FREMONT, Calif. — Residents of the San Francisco suburbs are packing emergency “go bags” and drawing up inventories of their belongings, dreading the idea that they might need proof for an insurance adjuster if their homes burn.
The pall of choking smoke outside their windows — four times worse than the air quality in Beijing or New Delhi on Monday morning — is a reminder that the wildfires ravaging large parts of Northern California are only a few canyons away.
This is the fourth consecutive year of major conflagrations in California, but this year they feel more inescapable, a ring of fire around the eight million people who live in cities arrayed around the Bay. There are fires sandwiching Silicon Valley, which on Monday was smothered by a sickly white haze. Wildfires are raging in the Salinas Valley to the south and in the wine country of Napa and Sonoma Counties to the north.
“I can’t stress enough the importance of being prepared to leave,” Shana Jones, a unit chief for the fires raging over six counties north of San Francisco, warned Bay Area residents over the weekend.
The fires have killed seven people and destroyed 1,200 homes and businesses, less catastrophic than the devastation in Paradise two years ago, when an entire city was flattened, or the year before, when an entire neighborhood of Santa Rosa was incinerated.
But coming during a pandemic, amid a heat wave, and raging so close to major population centers, this year’s fires have spread enormous anxiety across a wide swath of cities in Northern California.
When Bay Area residents, especially those inland, step outside their homes, a wall of hot, smoky air smacks them in the face — as if they were opening the cast-iron door of a furnace in a Dickens novel.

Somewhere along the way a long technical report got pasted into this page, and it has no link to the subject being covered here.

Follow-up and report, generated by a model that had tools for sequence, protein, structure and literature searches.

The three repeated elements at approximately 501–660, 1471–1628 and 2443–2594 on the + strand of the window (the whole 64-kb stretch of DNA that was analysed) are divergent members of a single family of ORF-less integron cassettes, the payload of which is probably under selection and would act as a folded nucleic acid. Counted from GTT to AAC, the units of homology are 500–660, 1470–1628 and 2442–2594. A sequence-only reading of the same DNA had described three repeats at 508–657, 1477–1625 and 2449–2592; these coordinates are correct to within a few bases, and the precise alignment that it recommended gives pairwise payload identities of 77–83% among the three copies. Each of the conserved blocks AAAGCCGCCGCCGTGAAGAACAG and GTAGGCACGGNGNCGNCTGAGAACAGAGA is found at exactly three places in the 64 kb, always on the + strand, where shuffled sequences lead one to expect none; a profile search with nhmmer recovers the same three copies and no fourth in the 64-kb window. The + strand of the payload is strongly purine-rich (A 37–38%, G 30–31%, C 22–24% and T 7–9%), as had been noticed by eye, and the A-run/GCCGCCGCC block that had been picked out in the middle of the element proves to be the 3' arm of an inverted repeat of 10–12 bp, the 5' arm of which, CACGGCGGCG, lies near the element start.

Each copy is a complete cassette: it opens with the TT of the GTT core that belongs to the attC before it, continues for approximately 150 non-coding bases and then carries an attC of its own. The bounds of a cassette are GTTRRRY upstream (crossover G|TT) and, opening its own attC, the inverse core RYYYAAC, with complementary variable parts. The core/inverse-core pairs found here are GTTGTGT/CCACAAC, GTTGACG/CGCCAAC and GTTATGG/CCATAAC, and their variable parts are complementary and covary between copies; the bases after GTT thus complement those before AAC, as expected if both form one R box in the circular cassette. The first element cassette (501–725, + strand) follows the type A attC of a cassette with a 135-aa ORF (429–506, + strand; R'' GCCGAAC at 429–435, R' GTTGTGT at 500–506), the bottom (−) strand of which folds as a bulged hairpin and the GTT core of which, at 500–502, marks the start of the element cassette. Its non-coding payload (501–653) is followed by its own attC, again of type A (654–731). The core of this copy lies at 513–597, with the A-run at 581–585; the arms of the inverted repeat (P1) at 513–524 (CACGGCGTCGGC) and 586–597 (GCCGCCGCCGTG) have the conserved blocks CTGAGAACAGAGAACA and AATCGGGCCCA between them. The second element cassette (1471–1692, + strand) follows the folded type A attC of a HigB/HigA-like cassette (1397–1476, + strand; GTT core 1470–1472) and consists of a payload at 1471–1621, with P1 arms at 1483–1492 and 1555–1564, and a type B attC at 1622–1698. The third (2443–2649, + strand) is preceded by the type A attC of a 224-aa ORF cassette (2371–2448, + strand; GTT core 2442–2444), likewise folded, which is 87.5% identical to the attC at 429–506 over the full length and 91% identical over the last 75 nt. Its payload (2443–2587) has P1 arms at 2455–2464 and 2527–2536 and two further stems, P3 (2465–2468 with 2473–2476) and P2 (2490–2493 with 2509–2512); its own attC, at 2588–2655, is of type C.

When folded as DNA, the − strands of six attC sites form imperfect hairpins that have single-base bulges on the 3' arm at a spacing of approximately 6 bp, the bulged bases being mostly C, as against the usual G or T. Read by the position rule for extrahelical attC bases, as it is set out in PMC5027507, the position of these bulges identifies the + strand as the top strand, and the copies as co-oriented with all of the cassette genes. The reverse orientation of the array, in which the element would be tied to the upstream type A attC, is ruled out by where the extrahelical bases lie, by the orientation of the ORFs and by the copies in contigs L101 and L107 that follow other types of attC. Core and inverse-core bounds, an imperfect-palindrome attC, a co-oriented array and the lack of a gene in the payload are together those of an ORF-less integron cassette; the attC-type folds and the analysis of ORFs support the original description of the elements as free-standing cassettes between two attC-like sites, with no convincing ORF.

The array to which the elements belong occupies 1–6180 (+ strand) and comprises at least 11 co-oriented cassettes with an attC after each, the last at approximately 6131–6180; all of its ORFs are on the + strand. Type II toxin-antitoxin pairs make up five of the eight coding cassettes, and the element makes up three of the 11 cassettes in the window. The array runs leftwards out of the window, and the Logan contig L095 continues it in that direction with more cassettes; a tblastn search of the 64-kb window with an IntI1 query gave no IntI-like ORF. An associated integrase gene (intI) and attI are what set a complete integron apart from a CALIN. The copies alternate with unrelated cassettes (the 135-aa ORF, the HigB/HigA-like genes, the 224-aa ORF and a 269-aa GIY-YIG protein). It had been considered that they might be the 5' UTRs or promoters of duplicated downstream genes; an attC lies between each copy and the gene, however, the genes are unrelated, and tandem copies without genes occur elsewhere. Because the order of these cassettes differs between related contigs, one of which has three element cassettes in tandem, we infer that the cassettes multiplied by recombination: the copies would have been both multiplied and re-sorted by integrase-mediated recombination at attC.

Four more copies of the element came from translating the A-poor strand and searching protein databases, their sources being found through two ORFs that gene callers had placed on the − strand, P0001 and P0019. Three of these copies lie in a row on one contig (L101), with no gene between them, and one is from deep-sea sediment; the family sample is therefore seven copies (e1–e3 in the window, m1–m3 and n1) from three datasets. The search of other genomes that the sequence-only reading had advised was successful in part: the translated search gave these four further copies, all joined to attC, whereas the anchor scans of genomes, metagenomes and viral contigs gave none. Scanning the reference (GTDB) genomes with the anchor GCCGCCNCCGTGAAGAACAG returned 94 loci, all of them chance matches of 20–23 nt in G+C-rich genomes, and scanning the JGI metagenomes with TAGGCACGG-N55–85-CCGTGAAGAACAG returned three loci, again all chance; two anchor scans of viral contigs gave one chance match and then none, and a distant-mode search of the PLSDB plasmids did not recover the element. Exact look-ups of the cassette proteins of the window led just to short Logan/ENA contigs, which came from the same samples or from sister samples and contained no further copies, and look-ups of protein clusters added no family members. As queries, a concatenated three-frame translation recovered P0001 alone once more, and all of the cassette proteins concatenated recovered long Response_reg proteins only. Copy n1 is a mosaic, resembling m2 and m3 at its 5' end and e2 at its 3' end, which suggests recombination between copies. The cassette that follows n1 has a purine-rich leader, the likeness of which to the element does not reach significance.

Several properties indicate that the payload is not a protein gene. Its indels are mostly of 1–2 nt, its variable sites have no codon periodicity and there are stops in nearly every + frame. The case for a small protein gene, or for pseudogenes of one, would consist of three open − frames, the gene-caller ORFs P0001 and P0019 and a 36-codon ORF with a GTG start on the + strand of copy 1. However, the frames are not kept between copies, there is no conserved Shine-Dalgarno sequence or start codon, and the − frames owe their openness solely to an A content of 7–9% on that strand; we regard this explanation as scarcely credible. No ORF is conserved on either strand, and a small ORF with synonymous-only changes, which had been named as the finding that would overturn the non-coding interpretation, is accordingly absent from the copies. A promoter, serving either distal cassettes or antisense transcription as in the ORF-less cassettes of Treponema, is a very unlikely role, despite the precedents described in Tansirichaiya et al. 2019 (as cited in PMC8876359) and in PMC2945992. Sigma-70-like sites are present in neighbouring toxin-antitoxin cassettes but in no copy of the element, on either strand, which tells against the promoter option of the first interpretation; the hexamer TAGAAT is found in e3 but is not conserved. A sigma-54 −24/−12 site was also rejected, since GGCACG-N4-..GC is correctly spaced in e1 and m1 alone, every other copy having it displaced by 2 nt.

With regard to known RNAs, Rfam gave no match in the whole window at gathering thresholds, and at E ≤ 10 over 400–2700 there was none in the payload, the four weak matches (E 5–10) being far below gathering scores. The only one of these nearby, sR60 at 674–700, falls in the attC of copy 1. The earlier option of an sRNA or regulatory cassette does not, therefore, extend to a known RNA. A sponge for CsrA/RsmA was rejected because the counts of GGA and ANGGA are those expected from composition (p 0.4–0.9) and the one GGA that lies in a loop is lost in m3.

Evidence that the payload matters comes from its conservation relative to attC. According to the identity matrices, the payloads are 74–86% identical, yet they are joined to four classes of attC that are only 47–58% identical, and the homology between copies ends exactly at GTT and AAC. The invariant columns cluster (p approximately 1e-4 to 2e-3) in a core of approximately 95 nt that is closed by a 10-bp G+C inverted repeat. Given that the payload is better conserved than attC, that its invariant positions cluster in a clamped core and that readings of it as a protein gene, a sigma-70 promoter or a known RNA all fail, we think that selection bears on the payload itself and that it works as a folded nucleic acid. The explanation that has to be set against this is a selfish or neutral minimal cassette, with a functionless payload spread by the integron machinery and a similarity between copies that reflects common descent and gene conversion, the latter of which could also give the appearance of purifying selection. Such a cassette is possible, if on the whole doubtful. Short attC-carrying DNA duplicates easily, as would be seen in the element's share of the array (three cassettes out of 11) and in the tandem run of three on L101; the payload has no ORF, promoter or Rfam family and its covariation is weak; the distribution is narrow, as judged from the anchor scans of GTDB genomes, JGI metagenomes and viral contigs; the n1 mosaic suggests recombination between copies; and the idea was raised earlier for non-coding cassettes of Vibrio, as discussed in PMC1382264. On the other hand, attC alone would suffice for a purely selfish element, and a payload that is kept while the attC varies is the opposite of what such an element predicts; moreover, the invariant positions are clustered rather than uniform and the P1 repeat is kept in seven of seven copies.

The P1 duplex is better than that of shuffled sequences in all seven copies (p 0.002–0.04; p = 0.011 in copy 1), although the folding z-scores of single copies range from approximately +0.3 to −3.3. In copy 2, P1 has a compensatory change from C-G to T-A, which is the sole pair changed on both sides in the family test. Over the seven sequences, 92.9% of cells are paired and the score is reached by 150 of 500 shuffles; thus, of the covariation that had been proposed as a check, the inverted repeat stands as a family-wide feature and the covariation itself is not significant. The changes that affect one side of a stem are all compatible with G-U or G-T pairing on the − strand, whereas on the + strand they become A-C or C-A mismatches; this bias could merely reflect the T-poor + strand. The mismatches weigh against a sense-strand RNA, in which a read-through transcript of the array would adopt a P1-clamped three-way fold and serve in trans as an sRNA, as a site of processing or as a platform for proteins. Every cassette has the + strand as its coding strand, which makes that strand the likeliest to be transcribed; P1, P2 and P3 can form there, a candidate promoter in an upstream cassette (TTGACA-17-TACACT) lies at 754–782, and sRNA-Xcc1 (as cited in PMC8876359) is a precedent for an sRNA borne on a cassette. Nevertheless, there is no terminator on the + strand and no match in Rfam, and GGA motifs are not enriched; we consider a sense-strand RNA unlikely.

California homes are often flimsy one-story ranch houses, constructed with the understanding that residents will spend a good deal of their time outdoors. But the pungent haze has left families barricaded inside their homes, every window shut as flurries of ash fall on their driveways.
“I’m numb,” said Marty Beattie, an air traffic controller, whose home in Fremont overlooks the smoke-cloaked hills on the edge of Silicon Valley. First there was the coronavirus, then the threat of fires and power outages, and now the smoke.
“It has gotten to be too much,” said Mr. Beattie, whose rental home is not far from the factory where Tesla makes electric cars.
Of everything ailing Northern California right now, Mr. Beattie finds the noxious haze the most troubling. “It makes me freaking ill,” he said. “It literally makes my eyes burn.”
He and his wife have packed bags with three days’ worth of water and food, including military ready-to-eat meals that he got from an Army surplus store. “It needs to be grab-and-go,” Mr. Beattie said of his emergency kit. “I think about it constantly.”